One important policy recommendation, however, is for sex education to be offered at school as well as at home. Another calls for increasing the self-esteem of young girls, “especially to have girls who are sexually violated by fathers and uncles begin to understand that it is wrong, and to end the culture of silence about sex in our society,” says youth officer, Anne-Marie De Gazon-Washington.
Tony Fraser is a freelance writer in Trinidad.
December 1, 2000
Population Reference Bureau
(December 2000) Tracking down more than one billion Chinese citizens is no easy task, but China’s government is about to try. From November 1 to 15, more than five million census-takers will visit China’s estimated 350 million households to conduct the fifth national census since the founding of the People’s Republic in 1949. The reliability of the data will be a question, to be sure, especially since local officials pay a price if births in their bailiwick exceed targets. Even so, the final tally will be viewed in Beijing as a report card on the government’s population stabilization program, possibly leading to a tightening of birth restrictions even as family planning services continue to expand.
The official goal is to be under 1.3 billion. If the census total (due in February) surpasses that figure, some experts believe the government will step up pressure on families to limit births. “I don’t think they’ll change the rules, but they could get tougher on enforcement,” says Susan Greenhalgh, a China population specialist at the University of California-Irvine. Current rules limit most urban couples to one child — two if both parents are only children — while rural residents may have two children. These limits are widely evaded, however, and implemented unevenly throughout China, making enforcement a key issue. The 1990 Census revealed higher than expected fertility levels and was followed by a draconian toughening of enforcement, though no clear-cut connection between the two has been documented.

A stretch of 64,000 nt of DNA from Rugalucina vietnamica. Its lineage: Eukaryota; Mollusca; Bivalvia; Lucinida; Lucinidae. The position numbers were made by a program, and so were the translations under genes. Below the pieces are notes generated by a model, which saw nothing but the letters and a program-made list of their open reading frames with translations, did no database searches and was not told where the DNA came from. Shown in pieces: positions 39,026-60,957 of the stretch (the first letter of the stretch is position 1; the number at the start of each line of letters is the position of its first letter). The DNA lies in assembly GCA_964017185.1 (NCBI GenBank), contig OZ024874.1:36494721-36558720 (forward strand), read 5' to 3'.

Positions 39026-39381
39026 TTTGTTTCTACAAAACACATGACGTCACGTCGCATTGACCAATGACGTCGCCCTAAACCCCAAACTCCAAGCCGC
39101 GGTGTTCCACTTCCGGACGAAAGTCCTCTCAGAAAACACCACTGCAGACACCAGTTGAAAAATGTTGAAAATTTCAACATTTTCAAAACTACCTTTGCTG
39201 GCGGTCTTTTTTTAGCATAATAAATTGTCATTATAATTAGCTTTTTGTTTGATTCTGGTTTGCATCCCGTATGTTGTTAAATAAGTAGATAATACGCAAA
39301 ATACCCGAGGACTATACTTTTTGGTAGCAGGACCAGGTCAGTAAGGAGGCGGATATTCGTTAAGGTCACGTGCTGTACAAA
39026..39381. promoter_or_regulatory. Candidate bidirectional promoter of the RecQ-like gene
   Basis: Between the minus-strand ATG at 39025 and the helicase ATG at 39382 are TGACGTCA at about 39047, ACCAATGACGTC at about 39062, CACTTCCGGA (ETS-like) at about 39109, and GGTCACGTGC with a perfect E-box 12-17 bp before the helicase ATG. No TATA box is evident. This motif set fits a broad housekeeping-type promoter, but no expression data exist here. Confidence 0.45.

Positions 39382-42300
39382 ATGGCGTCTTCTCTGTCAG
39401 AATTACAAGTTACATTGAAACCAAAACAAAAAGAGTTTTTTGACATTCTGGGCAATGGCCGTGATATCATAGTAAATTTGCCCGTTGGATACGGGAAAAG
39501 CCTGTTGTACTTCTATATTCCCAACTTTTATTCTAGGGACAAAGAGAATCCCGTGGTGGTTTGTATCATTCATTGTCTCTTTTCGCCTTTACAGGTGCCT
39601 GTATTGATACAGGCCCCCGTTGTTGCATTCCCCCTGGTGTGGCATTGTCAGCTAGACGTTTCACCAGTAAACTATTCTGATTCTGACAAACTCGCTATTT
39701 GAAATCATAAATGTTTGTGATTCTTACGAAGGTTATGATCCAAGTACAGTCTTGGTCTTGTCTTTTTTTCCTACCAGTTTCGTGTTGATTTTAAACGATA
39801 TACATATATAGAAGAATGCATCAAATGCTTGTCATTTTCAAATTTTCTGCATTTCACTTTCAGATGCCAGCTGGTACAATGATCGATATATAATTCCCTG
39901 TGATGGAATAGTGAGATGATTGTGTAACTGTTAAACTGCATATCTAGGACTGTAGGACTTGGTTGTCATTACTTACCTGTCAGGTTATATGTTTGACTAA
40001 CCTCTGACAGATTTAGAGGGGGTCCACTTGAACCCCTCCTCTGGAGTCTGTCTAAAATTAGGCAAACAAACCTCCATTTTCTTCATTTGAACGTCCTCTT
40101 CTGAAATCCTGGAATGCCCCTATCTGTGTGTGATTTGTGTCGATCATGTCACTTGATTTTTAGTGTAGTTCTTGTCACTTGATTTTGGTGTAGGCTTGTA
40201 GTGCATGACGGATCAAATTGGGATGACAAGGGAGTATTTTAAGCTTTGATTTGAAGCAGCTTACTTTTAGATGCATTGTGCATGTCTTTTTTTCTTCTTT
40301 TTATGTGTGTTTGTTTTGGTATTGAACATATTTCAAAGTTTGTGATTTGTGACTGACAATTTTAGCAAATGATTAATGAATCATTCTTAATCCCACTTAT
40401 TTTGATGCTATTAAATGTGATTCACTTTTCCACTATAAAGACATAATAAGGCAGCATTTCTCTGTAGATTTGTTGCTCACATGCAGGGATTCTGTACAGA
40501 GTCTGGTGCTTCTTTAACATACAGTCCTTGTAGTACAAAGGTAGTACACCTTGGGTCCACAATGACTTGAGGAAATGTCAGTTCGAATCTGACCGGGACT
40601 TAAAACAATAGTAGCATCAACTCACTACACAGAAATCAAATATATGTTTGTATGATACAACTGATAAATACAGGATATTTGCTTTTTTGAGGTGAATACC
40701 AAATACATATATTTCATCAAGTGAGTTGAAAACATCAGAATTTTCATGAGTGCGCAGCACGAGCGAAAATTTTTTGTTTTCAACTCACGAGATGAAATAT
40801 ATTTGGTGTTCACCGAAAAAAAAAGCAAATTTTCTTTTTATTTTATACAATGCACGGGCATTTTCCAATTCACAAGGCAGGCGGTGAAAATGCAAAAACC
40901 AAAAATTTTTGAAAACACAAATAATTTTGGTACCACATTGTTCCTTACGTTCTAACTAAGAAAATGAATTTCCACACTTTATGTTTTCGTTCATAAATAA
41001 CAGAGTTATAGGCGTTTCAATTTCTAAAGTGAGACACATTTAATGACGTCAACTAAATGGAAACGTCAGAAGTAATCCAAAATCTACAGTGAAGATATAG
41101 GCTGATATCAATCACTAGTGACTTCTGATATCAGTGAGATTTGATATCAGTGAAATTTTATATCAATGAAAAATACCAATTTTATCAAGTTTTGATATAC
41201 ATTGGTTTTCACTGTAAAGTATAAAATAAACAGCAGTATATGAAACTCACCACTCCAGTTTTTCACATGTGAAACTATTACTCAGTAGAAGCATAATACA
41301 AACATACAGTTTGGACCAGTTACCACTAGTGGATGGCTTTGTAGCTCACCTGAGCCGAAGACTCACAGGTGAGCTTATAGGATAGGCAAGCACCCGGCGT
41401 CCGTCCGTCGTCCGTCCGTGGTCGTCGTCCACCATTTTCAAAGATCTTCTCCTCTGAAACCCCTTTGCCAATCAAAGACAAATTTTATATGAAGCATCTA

If the government meets its goal, stricter enforcement is not expected to be as high a priority. In some cases, modest adjustments to the urban one-child policy might even be possible. Officials in Shanghai have already granted residency rights to second-born children, giving them access to public education and health care. Any future reforms are likely to be downplayed, however, and coupled with calls for achieving national population targets. “There’s a tremendous fear that if they liberalize too quickly, people will rush to have more children,” says Greenhalgh, “so there’s a go-slow approach to reform.”
China’s Population, 1950-2050
Source: U.S. Census Bureau, International Data Base.